K - Kids: None
L - Living Arrangements: My own.
M - Mum's Birthplace: Independence, MO
N - Number of Apples: Pi(e)
O - Overnight Hospital Stays: More than three.
P - Phobia: Being stuck with Reality TV characters in reality.
R - Religious Affiliation: Jewishish
S - Siblings: Younger sister, Becca - 21.
T - Time You Wake Up: About 10 minutes after the alarm goes off.
U - Unnatural Hair Colours You've Worn: Red, orange, blue, blonde, platinum blonde, purple, blue, green, etc.
V - Vegetable You Refuse To Eat: Brussel Sprouts.
W - Worst Habit: Procrastination and lolly-gagging.
X - X-Rays: Many.
Y - Yummy Foods You Make: Moorish-ish salad, other things too.
Z - Zodiac Sign: Leo.

Meme for the Fire 

Boingboing alerts us to a spreading trend in the UK, called "Happy Slapping." Now, I'm a big fan of impromptu street theatre, especially when strangers and cameras are involved, but this is especially amusing. I mean, this isn't just comedy, it's also assault(although one could argue the same about bad mime)!

Hey kids: this would be a great way to liven up your ride home on the Green Line!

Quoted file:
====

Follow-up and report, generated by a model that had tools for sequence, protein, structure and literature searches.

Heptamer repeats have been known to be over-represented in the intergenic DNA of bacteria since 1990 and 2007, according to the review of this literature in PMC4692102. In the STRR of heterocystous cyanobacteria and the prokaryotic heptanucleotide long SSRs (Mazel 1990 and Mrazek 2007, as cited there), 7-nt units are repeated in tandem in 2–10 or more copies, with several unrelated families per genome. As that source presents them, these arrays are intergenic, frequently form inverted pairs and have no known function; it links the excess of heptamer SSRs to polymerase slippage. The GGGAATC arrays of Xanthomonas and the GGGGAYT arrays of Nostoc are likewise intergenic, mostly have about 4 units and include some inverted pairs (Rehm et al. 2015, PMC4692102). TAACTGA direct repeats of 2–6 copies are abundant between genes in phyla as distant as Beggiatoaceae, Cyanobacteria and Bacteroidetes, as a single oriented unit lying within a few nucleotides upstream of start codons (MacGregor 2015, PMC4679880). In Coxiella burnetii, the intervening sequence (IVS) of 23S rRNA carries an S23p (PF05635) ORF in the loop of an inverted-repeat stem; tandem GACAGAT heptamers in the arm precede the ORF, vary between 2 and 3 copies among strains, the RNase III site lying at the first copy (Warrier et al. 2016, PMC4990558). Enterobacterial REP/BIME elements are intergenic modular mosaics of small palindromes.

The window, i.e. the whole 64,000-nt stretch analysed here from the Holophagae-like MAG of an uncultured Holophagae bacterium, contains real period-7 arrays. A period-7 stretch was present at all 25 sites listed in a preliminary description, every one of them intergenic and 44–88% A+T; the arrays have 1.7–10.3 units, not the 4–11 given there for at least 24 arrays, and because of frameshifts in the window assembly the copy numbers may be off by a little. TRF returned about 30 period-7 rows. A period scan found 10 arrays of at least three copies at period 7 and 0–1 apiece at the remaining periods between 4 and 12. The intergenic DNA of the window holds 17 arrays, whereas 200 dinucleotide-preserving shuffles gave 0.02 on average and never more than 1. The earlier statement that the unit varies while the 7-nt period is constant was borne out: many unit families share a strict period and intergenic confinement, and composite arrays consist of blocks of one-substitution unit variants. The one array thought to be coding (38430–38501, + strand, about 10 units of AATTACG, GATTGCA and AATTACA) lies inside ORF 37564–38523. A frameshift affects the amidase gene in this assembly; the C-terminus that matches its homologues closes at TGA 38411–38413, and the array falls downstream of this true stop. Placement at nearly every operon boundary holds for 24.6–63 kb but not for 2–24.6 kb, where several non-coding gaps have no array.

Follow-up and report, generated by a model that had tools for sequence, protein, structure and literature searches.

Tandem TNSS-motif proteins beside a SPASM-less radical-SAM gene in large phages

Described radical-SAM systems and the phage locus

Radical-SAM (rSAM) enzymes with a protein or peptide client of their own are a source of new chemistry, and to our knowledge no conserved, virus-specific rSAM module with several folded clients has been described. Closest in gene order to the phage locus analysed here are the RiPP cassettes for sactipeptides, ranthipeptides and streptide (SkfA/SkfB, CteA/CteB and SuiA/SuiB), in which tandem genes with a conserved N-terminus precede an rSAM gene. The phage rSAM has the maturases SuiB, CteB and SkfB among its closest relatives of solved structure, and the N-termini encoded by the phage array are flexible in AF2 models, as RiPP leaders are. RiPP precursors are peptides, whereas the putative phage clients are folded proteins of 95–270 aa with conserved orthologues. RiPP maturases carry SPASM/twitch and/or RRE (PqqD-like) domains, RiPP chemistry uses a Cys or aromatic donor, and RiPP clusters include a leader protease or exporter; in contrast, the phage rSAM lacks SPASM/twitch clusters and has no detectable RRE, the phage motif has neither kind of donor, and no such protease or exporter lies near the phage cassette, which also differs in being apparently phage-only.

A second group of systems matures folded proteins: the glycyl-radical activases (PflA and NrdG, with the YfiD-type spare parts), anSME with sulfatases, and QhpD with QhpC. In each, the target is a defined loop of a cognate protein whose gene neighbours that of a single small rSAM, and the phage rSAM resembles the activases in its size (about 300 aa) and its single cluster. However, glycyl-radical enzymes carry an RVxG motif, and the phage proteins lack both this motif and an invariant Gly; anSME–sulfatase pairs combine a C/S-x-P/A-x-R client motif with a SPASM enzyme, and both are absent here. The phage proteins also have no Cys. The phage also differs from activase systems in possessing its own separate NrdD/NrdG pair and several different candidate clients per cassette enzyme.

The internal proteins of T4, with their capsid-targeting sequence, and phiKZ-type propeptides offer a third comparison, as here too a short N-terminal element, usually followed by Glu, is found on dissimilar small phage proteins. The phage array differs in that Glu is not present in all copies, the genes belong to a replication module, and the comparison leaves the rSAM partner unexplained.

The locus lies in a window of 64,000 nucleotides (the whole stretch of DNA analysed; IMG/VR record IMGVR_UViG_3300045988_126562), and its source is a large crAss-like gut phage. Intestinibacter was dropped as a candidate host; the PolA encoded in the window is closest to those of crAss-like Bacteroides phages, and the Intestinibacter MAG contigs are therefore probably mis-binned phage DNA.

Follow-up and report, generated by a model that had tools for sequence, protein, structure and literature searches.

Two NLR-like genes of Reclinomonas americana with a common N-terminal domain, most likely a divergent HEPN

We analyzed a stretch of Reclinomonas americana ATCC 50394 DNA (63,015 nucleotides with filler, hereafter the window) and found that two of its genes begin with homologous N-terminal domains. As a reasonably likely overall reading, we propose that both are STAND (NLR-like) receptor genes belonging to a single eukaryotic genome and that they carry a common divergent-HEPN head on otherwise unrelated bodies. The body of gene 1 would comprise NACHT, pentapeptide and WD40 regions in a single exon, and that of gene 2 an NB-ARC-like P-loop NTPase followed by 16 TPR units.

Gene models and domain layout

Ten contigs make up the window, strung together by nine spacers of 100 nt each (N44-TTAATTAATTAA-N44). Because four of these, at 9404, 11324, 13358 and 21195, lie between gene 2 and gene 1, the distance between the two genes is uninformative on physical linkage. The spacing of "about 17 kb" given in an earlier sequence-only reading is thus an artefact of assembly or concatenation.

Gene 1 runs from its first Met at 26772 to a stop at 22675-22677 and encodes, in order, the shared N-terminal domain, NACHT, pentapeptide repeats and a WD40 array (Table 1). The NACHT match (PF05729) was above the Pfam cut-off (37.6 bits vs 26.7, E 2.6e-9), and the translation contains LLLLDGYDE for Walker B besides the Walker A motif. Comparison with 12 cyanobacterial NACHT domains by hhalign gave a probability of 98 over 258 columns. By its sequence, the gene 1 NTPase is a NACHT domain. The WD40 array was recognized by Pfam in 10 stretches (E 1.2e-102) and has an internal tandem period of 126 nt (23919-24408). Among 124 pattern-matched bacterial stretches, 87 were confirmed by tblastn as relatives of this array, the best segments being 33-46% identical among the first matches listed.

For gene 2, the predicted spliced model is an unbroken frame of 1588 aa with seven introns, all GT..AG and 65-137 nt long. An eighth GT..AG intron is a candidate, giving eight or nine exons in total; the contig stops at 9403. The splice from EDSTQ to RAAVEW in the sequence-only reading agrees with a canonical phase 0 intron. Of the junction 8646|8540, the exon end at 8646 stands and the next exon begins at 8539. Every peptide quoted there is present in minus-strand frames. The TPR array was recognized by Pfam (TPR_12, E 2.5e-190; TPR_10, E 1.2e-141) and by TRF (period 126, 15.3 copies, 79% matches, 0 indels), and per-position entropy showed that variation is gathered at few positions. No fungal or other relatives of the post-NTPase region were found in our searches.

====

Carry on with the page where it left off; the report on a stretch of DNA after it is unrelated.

Sexy Brains 

Research is all about context, external validity, etc. If your new super-antibiotic only works in people with red hair who live above 30,000 ft and drink kangaroo milk daily, you don't have much of a product, and if you've discovered a solution for a problem that may or may not develop in 50 years if and only if nothing is done about it in the next 49, it's a waste of time. And the best kind of context of all is, of course, social controversy.

Earlier this week, Harvard president Larry Summers gave a rather poorly considered talk in which he (rather sloppily) outlined research indicating that women and men are inherently good at different things. Yes, I agree: women at are inherently better at producing eggs than men; men are inherently better at producing semen than women. This talk of course pissed some people off.